Our autonav drive actually went great -- a total of 45 meters, quite respectable by current standards. That means we got about 15m out of the autonav, which is good news.
The only fly in the ointment is that we failed to do our turn for comm, and for a reason we should have thought of. When we planned this drive, we planned for it to extend beyond the time-of-day limit. This is common -- indeed, something we used to do all the time when using autonav; we just have it drive until the time-of-day limit kicks in, then we have the sequence detect that we were stopped by the time-of-day limit, clear the error, and reset the limit to allow time for end-of-drive activities such as turning to comm. We did all that logic on this drive, so we thought we were in the clear.
But here's what we forgot: both the blind and autonav portions of the drive are punctuated by slip checks, helper subsequences that try to drive a short distance and preclude further driving if we didn't make a decent fraction of the commanded distance. After the time-of-day limit hit, the sequence dutifully tried a slip check, noticed that it hadn't actually gone anywhere, and precluded driving. This is something our end-of-sol error-clearing logic didn't check for (indeed, has no good way to check for). So we still had an error -- the rover thought it was stuck in another dune -- and we didn't turn for comm.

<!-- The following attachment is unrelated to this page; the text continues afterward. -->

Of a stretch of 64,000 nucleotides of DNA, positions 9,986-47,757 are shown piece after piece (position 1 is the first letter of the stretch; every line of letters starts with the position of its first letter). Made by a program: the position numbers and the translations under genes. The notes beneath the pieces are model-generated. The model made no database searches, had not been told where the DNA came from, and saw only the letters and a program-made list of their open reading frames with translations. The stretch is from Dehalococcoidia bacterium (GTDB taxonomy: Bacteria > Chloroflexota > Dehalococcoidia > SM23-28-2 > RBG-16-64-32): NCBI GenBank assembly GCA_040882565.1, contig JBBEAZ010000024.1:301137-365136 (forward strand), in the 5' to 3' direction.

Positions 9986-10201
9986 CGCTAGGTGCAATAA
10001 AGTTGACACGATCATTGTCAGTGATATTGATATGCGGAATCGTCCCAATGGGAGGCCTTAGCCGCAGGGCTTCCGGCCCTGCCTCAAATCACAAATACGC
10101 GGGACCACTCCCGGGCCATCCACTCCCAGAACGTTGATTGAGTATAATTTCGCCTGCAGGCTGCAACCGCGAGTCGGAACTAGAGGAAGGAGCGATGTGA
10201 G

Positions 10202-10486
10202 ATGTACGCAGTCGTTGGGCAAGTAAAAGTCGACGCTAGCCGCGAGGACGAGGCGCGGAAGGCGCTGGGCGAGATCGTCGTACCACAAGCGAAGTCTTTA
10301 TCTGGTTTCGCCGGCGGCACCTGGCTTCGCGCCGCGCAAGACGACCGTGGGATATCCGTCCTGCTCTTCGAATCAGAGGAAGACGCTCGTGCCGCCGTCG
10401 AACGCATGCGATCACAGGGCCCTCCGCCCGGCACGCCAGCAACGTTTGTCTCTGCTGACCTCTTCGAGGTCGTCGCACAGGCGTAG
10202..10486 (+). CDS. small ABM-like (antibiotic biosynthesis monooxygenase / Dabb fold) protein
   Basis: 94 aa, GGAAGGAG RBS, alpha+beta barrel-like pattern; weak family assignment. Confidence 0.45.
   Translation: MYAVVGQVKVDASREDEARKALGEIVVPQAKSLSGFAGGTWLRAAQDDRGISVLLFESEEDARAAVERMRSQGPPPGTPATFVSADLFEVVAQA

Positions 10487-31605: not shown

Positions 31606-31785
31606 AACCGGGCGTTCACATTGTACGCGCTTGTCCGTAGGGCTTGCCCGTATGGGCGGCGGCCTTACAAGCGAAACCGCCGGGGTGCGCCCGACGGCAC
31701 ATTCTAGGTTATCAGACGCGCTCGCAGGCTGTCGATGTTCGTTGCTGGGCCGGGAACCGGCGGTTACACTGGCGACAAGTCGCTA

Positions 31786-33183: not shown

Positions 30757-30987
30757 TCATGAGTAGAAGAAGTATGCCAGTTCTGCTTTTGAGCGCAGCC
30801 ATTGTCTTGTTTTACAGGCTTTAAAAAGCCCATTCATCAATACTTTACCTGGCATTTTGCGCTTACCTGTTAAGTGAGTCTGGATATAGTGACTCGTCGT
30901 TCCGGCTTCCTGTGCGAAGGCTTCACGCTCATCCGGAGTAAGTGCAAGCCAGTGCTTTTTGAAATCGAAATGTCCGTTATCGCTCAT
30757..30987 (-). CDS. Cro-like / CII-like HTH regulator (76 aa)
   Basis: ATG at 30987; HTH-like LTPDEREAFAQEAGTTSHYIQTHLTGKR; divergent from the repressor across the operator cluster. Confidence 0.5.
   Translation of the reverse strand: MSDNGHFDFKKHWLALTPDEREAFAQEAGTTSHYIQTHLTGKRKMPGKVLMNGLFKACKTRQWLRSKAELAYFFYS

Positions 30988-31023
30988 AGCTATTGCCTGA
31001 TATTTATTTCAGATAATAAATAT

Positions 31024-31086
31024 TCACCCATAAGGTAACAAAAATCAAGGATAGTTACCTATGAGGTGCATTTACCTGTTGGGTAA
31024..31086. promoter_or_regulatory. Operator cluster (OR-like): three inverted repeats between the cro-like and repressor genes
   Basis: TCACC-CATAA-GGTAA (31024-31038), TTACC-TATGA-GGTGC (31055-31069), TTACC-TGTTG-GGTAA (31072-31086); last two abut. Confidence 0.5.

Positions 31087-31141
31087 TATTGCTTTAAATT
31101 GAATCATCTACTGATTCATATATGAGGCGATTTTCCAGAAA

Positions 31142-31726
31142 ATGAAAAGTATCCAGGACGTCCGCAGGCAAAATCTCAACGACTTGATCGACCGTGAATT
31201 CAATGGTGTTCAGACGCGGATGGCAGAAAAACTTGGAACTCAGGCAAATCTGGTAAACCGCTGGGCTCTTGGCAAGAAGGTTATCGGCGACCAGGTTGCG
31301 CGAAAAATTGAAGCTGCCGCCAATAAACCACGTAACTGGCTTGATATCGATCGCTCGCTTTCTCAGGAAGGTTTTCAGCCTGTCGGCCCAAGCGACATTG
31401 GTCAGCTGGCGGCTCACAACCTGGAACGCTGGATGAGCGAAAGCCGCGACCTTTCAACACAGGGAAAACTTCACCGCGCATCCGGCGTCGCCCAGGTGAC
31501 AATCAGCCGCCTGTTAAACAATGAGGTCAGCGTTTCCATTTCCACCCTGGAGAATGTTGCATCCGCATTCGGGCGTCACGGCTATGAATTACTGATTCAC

Oops. We're still happy, but oops.
Well, our downlink was still pretty good. We didn't get the PCAMs, so that limits our blind driving thisol.
Hey, no problem. Jeng and I plan a sequence that drives blind as far as possible, then uses autonav until stopped by the time-of-day limit.
And this time, we do it correctly.